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The National Lottery represents a bad deal for Britain's poor, according to a new report launched today by the theology think tank Theos.
Using a combination of polling undertaken by ComRes and analysis of existing research into the Lottery, the report reveals that people in
In summary, the research finds that:
Commenting on the research, Paul Woolley, Director of Theos, said:
"This research adds to a growing body of evidence which shows that Lottery players come from poorer backgrounds. They also spend significantly more, especially as a proportion of their household income, than more affluent players.
"National Lottery distributors have an obligation to ensure that all parts of the country have fair access to funds and that awards should be made with a view to reducing economic and social deprivation. In reality, Lottery funding across all the streams – arts, sports, heritage and charitable expenditure – is insufficiently targeted on the communities that need it most.
"The Lottery might have created a new source of funding for projects that would otherwise have remained un-funded, but this has come with a high price tag for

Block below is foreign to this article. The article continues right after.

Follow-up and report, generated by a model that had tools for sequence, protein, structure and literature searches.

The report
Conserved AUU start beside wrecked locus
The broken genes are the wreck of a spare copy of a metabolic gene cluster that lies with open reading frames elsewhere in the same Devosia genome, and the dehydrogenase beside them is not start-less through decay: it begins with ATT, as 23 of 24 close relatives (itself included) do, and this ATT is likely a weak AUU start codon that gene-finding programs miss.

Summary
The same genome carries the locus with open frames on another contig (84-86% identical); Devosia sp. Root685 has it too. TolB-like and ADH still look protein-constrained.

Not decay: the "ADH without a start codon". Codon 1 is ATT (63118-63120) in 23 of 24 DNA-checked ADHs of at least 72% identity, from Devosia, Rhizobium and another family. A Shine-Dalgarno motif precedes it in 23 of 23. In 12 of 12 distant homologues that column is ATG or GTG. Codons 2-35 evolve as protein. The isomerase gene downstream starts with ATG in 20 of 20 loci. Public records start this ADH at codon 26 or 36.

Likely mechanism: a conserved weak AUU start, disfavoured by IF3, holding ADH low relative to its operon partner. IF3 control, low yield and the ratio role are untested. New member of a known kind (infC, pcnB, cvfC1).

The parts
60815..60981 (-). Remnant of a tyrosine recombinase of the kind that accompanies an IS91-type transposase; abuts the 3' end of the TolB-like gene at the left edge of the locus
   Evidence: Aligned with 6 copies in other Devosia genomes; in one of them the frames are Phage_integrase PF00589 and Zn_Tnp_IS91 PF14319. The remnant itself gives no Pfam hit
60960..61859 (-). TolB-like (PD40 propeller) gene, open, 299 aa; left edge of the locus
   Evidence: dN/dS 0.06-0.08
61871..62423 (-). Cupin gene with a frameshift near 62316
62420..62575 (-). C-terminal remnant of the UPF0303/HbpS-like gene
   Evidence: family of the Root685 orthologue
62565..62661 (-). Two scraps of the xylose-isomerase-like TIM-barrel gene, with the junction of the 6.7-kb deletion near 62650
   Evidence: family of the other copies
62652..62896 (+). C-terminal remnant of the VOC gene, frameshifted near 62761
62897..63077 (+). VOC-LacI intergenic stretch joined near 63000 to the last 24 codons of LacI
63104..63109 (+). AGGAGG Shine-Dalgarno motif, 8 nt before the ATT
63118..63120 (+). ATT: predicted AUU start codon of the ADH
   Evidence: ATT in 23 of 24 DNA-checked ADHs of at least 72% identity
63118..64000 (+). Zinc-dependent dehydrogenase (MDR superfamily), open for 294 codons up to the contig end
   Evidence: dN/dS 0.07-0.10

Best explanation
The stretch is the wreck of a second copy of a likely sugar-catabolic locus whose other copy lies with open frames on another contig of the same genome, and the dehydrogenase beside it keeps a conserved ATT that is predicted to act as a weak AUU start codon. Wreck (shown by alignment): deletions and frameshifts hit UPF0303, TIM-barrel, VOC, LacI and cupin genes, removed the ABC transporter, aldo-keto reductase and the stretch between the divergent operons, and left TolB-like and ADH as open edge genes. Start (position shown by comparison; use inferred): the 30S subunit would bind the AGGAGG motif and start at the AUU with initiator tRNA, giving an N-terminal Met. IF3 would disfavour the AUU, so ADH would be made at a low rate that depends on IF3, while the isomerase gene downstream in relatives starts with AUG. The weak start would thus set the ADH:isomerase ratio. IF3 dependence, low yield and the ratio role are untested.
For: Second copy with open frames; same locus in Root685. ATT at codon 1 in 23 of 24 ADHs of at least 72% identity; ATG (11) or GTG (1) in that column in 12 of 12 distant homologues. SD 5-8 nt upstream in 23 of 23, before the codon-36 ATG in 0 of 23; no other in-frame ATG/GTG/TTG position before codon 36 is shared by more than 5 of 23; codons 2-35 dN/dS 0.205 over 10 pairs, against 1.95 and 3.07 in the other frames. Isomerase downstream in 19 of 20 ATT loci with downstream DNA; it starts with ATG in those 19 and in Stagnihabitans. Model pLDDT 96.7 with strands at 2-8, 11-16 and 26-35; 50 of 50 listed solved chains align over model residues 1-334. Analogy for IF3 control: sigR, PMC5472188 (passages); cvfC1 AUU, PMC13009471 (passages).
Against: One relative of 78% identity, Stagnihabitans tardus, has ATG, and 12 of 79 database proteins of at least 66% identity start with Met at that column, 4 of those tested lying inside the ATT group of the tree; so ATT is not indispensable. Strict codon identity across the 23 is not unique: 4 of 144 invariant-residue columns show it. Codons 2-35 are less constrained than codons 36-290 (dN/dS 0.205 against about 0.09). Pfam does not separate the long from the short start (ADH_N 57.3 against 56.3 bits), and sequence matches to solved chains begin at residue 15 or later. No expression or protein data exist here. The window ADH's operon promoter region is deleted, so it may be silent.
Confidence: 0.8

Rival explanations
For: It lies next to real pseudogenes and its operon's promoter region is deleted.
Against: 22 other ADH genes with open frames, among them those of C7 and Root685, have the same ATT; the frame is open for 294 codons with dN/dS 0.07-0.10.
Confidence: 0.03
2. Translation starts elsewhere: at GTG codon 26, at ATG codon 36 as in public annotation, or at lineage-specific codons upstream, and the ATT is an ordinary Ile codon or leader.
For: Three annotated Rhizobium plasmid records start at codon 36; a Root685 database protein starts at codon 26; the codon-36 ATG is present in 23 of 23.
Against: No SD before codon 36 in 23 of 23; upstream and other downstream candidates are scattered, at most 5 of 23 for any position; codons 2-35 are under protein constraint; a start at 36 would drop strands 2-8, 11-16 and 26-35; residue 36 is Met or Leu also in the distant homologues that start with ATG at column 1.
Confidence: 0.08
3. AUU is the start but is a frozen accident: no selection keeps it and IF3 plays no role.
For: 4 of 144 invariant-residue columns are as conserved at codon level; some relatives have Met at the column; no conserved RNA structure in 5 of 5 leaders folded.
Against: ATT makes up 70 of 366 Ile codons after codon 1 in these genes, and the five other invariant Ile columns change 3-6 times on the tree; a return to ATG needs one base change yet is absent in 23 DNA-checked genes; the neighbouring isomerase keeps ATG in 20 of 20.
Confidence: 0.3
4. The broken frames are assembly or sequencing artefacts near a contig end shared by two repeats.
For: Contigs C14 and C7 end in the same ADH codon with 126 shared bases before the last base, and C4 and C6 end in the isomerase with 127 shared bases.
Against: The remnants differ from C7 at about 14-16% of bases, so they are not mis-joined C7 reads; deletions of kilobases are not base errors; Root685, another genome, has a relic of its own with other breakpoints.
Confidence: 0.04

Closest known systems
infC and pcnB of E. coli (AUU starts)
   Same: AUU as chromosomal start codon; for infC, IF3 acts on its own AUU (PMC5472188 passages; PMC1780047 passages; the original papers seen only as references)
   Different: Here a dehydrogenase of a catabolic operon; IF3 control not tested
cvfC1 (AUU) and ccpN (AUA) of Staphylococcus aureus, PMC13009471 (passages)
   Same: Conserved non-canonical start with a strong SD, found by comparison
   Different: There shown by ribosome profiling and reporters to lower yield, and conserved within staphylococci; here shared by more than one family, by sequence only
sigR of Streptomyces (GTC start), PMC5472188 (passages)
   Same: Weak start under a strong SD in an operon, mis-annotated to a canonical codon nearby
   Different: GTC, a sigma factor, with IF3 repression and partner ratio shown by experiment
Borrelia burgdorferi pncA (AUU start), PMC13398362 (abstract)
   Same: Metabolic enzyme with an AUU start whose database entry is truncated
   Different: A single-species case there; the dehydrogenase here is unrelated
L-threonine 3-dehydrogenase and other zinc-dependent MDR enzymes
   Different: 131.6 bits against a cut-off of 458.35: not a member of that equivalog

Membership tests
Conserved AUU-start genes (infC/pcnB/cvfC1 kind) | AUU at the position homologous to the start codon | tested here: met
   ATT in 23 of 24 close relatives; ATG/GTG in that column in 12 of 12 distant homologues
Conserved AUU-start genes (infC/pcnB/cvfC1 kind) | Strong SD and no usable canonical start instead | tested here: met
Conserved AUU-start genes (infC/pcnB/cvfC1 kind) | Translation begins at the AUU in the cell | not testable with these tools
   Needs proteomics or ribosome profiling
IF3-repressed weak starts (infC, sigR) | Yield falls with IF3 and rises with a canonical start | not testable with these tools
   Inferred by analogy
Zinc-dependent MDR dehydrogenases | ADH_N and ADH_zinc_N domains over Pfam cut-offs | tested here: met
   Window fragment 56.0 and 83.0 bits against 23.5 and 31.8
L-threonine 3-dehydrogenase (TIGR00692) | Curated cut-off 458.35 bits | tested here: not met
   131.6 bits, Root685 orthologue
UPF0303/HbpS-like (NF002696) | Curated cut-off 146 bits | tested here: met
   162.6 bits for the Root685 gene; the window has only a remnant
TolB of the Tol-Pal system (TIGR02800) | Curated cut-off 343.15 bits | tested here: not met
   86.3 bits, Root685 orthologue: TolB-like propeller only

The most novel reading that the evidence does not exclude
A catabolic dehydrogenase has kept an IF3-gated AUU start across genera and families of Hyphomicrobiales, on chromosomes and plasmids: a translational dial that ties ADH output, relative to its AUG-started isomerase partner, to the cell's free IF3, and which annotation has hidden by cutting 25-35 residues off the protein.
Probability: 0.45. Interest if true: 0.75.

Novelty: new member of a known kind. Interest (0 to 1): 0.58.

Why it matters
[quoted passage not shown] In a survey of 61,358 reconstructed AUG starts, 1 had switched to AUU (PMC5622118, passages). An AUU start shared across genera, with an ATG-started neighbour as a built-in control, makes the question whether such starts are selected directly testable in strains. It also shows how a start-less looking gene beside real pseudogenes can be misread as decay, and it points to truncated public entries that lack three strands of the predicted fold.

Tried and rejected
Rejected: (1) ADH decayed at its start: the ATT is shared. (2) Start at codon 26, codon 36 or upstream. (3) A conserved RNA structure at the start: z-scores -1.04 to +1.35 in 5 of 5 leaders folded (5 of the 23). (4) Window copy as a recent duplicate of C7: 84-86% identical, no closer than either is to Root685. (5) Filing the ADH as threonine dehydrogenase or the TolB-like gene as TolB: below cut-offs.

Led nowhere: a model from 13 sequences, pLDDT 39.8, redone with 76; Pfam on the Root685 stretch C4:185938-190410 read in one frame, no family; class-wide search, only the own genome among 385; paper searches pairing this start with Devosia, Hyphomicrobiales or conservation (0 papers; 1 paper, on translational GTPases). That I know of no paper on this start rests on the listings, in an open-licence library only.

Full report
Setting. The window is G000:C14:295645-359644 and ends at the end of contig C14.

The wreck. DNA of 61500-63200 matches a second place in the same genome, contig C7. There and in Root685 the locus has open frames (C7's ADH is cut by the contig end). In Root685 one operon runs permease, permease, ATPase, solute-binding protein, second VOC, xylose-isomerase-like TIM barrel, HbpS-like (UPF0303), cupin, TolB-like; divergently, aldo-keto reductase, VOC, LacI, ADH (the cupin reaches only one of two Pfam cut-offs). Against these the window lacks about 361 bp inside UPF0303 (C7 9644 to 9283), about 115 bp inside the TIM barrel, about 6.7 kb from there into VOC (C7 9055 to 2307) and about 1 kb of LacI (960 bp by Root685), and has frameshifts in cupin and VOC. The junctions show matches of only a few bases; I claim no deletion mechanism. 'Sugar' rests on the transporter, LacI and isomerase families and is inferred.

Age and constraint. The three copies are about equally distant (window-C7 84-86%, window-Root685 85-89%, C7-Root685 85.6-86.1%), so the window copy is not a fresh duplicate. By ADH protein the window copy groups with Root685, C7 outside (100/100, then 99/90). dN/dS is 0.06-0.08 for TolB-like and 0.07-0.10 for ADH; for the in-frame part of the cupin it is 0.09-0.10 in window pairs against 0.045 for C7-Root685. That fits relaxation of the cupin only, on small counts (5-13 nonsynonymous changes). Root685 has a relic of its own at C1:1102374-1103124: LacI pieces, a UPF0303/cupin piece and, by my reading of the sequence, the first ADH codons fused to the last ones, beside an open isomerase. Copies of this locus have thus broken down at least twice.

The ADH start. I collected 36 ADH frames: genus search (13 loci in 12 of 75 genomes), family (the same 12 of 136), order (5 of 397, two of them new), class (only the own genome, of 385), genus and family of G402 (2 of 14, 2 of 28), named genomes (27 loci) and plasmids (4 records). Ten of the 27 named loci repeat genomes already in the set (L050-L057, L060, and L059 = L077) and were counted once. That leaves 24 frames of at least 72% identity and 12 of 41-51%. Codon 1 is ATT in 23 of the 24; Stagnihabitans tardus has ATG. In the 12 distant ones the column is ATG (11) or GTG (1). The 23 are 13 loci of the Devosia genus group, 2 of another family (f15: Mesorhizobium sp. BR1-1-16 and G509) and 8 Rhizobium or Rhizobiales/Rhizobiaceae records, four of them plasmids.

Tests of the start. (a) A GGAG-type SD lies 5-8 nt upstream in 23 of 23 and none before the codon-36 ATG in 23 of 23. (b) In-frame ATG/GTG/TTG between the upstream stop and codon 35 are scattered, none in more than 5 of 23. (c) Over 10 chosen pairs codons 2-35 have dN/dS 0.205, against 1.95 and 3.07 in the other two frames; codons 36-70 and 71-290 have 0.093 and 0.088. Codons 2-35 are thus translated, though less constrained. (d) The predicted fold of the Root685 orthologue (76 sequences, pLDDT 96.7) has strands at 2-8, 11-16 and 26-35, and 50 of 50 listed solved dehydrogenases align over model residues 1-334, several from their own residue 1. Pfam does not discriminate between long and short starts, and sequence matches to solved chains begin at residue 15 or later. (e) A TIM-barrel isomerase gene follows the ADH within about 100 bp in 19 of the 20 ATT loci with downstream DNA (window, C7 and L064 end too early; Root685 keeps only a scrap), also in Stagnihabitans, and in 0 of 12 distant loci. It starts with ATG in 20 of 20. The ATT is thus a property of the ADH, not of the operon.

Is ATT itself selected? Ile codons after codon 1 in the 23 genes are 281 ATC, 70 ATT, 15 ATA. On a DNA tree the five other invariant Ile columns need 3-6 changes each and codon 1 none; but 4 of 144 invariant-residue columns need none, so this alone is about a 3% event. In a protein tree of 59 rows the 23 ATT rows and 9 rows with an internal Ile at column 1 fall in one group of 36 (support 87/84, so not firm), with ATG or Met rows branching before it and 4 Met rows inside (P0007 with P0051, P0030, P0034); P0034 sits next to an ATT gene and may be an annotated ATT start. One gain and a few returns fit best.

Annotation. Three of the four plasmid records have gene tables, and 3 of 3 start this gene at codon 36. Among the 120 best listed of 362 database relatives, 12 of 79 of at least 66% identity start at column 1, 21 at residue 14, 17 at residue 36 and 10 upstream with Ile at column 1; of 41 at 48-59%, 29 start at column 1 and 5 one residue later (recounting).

"The old argument that the National Lottery is a 'tax' on the poor for the benefit of the middle classes may have some justification."
ComRes interviewed 1019 GB adults on behalf of Theos using an online questionnaire between 5 and 7 December 2008. Data were weighted to be representative demographically of all GB adults. ComRes is a member of the British Polling Council and abides by its rules.
Social Grade is the socio-economic classification used by the market research and marketing industries. Definitions are as follows: AB respondents are higher or intermediate managerial or administrative professionals; C1 respondents are supervisory, clerical, junior managerial or administrative professionals; C2 respondents are skilled manual workers while DEs are semi-skilled and unskilled manual workers or those who are unemployed or on state benefits.
Elizabeth was Theos’ Director from August 2011 – July 2021. She appears regularly in the media, including BBC One, Sky News, and the World Service, and writing in The Financial Times.
Posted 11 August 2011
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Theos researches and investigates the intersection of religion, politics and society in the contemporary world.